Being IP67 certified means I don’t worry about it getting wet, and I often run it on the tap to wash after a day’s use, or after a gym workout.

Moto 360 Sport
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Gear S2 Sport vs Moto 360 Sport

The big pluses for me is the understated but attractive design and the AnyLight Display. Because it runs Android Wear, there’s plenty of apps and watch faces to choose from. And for the same reason, it means I get the full advantages Android and Google – from Google NOW to Gmail, Google Maps, calendaring, you name it.

As a fitness tracker, it gets the job done and I think MotoBody is pretty awesome.

Performance as a whole is good, snappy and reliable with no notable slowdowns or freezes/crashes.

What can be better

It’s a shame that the band isn’t removable nor swappable. This means I won’t be able to change it if it gets damaged or worn, which also means a shorter shelf life. It also means I can’t be individualistic and put in an orange band. And that sucks. My other gripe is that it seems to attract plenty of dust. I’m not sure if it’s just the humidity here but it’s annoying.

The bundled wireless dock is a little ill-fitting, and unlike the one with the Gear S2, it doesn’t lock in place when docked. It’s a minor complaint, but really could have been designed better.

1.5 days isn’t bad for a smartwatch that buzzes me throughout the day. I’m not picking on the Moto 360 Sport on battery life per se, because I think it copes pretty well. But smartwatches really should have bigger batteries and deliver at least three solid days of use without having to be charged.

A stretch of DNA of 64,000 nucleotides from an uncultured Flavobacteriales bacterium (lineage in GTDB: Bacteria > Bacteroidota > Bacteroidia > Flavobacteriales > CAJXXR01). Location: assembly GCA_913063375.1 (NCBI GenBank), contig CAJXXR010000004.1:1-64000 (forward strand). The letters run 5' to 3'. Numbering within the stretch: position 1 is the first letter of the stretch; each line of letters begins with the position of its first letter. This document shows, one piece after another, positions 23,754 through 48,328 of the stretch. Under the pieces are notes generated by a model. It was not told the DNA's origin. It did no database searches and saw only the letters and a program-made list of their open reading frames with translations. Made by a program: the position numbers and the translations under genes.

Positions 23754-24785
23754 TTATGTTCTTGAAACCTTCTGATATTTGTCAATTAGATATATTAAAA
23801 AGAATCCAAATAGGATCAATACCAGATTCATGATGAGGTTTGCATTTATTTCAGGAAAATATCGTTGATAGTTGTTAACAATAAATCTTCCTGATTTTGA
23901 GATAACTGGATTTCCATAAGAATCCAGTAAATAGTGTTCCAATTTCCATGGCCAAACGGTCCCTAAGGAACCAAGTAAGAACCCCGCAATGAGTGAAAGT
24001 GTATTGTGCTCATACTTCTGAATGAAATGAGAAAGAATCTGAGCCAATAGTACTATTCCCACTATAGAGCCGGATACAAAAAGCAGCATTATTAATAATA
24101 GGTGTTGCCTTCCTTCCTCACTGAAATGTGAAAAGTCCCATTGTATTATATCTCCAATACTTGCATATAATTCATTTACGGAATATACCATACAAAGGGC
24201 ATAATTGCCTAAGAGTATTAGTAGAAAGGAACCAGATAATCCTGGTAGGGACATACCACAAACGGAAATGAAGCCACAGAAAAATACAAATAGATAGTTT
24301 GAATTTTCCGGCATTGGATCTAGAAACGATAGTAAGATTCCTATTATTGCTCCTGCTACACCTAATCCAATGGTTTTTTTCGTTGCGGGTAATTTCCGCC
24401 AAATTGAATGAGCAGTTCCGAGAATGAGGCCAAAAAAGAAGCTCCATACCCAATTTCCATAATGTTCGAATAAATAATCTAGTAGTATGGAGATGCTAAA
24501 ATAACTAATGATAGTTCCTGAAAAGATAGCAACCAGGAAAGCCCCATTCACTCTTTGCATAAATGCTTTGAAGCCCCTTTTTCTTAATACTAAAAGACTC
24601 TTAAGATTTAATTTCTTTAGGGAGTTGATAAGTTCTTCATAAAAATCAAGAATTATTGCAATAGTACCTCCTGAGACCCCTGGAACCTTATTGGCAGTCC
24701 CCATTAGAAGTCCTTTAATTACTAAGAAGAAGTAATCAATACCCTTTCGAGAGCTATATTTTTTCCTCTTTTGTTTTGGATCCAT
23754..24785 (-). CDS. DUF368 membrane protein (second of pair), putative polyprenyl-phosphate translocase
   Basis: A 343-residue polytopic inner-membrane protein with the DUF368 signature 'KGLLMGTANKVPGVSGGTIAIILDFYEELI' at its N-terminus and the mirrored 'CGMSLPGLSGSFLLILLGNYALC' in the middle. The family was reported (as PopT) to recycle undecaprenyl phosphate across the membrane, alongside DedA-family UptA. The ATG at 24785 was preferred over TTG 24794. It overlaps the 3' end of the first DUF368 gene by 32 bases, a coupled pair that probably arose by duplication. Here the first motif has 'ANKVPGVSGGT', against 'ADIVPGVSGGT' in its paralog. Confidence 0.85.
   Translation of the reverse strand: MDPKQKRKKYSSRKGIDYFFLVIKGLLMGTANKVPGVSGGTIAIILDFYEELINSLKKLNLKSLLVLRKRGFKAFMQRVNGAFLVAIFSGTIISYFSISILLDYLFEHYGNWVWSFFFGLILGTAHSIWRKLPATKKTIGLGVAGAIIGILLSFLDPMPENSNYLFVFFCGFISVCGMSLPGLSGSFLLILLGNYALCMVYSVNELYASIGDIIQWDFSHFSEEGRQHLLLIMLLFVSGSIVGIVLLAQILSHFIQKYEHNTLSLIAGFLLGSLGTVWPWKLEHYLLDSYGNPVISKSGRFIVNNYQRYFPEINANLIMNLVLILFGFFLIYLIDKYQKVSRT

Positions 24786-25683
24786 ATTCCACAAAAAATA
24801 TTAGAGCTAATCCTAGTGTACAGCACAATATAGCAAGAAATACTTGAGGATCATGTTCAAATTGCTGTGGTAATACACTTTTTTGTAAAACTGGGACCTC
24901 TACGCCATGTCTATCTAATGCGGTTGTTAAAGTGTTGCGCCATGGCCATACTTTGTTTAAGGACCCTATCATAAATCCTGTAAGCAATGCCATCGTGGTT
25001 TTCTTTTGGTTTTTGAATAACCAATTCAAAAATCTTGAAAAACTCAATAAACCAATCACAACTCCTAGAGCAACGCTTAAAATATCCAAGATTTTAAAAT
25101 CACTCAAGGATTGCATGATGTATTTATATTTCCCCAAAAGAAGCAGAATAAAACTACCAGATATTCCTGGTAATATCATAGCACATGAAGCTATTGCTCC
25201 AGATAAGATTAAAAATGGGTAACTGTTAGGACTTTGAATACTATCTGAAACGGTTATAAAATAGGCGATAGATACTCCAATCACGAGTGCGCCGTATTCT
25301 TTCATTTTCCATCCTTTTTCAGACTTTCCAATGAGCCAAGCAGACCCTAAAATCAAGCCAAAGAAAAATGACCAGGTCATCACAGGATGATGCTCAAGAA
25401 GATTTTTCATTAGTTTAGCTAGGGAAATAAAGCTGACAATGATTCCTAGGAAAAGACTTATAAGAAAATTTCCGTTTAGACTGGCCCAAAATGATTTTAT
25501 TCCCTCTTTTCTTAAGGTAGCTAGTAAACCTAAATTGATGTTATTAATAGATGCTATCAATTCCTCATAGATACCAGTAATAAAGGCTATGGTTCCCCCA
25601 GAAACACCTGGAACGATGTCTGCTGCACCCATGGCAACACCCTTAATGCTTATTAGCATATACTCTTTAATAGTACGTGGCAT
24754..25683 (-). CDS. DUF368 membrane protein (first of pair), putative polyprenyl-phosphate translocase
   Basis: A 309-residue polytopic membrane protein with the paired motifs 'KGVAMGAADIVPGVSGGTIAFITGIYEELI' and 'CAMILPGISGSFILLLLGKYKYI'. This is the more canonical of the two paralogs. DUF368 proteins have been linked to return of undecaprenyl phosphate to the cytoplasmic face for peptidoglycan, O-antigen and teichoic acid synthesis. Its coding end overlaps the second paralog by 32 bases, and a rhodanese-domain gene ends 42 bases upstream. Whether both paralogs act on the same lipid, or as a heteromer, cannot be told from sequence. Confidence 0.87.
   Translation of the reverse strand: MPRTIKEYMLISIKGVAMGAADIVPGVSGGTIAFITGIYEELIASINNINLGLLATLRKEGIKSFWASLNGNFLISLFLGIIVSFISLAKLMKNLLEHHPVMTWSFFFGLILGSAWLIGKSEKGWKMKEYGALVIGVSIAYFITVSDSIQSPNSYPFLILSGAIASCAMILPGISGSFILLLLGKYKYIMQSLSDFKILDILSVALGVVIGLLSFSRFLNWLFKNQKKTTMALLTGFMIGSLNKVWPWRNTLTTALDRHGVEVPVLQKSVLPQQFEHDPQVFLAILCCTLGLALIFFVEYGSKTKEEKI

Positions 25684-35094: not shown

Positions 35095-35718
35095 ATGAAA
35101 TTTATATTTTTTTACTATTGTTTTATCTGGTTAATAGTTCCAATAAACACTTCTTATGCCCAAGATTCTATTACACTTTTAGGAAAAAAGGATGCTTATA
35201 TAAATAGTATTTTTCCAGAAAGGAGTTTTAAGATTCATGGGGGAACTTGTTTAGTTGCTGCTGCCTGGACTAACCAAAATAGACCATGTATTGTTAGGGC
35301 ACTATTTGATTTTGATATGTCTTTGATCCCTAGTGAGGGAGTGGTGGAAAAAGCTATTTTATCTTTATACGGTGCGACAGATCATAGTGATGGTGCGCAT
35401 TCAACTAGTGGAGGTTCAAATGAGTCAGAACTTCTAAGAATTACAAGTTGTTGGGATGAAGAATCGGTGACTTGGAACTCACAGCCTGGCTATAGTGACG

Pricing and availability

The Moto 360 Sport comes in Black, Orange or White; and retails for MYR1,399 (incl. GST). It’s available at


This baby’s got appeal, in a cool, understated way. I’m sold on the way it looks, flat tire and all. It’s no doubt one of the handsomest smartwatches you can buy. I have no complaints about performance, while I wish battery life could be better.

It works great as a plain jane watch, or as a fitness tracker. Sure it’s targeted at the sporty crowd, but honestly it wouldn’t look weird on your wrist even if you’re wearing a suit.

Moto’s AnyLight display is awesome, and for me, a key separator from the rest of the pack.

My only real gripe is the non-removable band, but otherwise, the Moto 360 Sport is one of the better smartwatches out there.

IA - Yoodo

By Vernon

Vernon is the founder and chief editor of A graphic designer by profession, he has a deep love for technology, cars, gadgets, food, and travel. He tweets too much and is also known as a caffeine bacterium ("life's too short for bad coffee"). Bleeds Blue (go Chelsea FC!) and considers BMW, Porsche, Alfa Romeo cars to have in the garage--for true petrolheads, that is.